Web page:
Home Ownership

How Much Should Your Down Payment Be?

Husband and wife in their kitchen saving up and deciding how much their down payment will be on their new home

You must make several key decisions when financing a home purchase; the size of your down payment is one of the most important. When determining the amount to put down, there’s a tradeoff involved: The larger your down payment, the lower your loan amount and monthly payment. Your down payment amount is also impacted by the loan program used and your available cash.

Traditional lending programs provide three tiers of down payment options. An FHA loan permits the lowest down payment, with a minimum of 3.5% of the purchase price. Loans sold to Fannie Mae and Freddie Mac require a minimum 5% down payment.  A conventional loan requires a 20% down payment in order to avoid Private Mortgage Insurance (PMI). This insurance is purchased by the borrower to reduce the risk to the lender. The PMI can add over $100 to your monthly payment. If, as a borrower, you put 20% toward a home purchase, PMI is not required.

Your base mortgage payment will include principal and interest, but also may include an escrow amount, additional funds collected monthly to cover property taxes and insurance. When taxes and insurance are due, the mortgage company pays these bills for you. If the escrow is not included in the mortgage, you will be responsible to pay the taxes and insurance directly.

Buyer assistance programs may be available for borrowers who qualify. These programs reduce the down payment requirement, sometimes to as little as $1,000. Most of the available programs are geographically based, varying from state to state. Generally, loan qualifications are not relaxed and eligibility is broad, and requires you to receive loan counseling from a qualified counselor.

Some narrower assistance programs are based on employment for trades like teachers, firefighters, first responders and police. Qualifications for these programs vary by region, so check with your Realtor or lender on the possibilities for your situation and needs.

The Veterans Administration (VA) also offers a buyer assistance home loan program, which allows veterans to purchase homes with 100% financing (no down payment necessary). Qualifications vary depending on time served, prior program use and the price of the home.

Your credit score may impact down payment requirements and borrower eligibility for programs. To receive an FHA loan, a borrower must have a minimum credit score of 580 or possibly greater depending on lender requirements. Fannie Mae and Freddie Mac require a minimum credit score of 620. There will also be a separate qualification for PMI if you are putting less than 20% down. For a conventional mortgage with a 20% down payment, a credit score of 620 is required. Find out your credit score early in your home buying process so that you will know your eligibility for the different loans.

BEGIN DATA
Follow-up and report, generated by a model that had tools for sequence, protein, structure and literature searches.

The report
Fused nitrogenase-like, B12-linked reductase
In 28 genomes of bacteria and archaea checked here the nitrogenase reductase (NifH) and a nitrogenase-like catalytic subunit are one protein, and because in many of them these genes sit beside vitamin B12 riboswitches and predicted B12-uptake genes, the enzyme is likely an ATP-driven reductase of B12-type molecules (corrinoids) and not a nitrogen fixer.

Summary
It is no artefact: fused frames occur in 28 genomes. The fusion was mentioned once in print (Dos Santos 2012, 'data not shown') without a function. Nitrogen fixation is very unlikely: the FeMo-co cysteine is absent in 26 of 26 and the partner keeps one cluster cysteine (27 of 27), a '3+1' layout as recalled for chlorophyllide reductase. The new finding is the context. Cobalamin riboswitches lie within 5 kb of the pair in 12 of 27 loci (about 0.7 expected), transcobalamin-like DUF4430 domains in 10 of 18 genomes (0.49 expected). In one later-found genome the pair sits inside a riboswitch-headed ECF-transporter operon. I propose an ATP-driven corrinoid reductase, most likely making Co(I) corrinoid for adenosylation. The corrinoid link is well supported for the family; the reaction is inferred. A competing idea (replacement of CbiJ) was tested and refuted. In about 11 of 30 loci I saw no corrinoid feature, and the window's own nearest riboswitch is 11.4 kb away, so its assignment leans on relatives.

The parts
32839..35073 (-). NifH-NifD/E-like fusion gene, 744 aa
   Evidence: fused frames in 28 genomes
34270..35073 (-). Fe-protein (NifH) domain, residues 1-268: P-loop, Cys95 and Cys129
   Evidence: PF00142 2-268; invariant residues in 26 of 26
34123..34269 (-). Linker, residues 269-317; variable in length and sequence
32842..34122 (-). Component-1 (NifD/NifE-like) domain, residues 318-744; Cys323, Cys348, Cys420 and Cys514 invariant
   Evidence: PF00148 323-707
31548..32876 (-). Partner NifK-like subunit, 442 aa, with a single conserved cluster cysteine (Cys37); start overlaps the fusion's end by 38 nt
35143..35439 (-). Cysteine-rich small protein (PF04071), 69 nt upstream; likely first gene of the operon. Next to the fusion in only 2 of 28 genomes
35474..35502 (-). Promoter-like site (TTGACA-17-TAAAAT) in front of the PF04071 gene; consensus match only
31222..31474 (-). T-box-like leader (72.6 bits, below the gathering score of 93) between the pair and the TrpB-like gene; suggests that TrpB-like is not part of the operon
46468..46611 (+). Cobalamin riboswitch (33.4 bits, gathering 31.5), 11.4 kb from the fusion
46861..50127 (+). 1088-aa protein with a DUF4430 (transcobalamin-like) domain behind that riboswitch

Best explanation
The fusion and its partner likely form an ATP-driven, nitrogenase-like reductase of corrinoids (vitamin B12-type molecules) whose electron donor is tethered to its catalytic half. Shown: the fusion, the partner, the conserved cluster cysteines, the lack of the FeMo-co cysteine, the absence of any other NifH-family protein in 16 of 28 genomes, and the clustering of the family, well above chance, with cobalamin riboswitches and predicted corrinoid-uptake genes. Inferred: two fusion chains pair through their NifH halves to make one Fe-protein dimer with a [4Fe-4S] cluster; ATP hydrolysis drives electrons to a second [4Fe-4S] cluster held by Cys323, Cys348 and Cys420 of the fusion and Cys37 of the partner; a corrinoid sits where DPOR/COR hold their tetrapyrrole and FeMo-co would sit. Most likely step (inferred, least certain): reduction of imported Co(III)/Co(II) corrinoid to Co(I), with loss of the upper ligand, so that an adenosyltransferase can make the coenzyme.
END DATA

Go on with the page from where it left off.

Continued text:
When you make an offer on a home, you’ll pay an earnest deposit included with the purchase contract. Earnest money is generally a refundable deposit, usually between $1,000 and $5,000, which is separate from the down payment but credited toward the down payment at time of purchase. You, as buyer, then have a certain period of time to complete financing, inspections, appraisals and other due diligence on the property. You have the option to cancel the contract if reports are unsatisfactory, in which case the earnest money is returned. If your bid is accepted, the earnest money applies toward your purchase.

When there are more buyers than sellers in the market, having a larger down payment or deposit can increase the value of an offer and may be the deciding factor in whether your contract is accepted over other bidders. Working with the Realtor and lender prior to submitting a contract will provide the insight needed to make a strong offer. The lender can assist with the prequalification process and determine which loan program you qualify for, which impacts your down payment requirements. 

Carefully consider your down payment options. Remember that keeping more cash at the start of your home buying process means you may be paying more later for extra insurance (PMI). Make an informed choice to best serve your personal needs.

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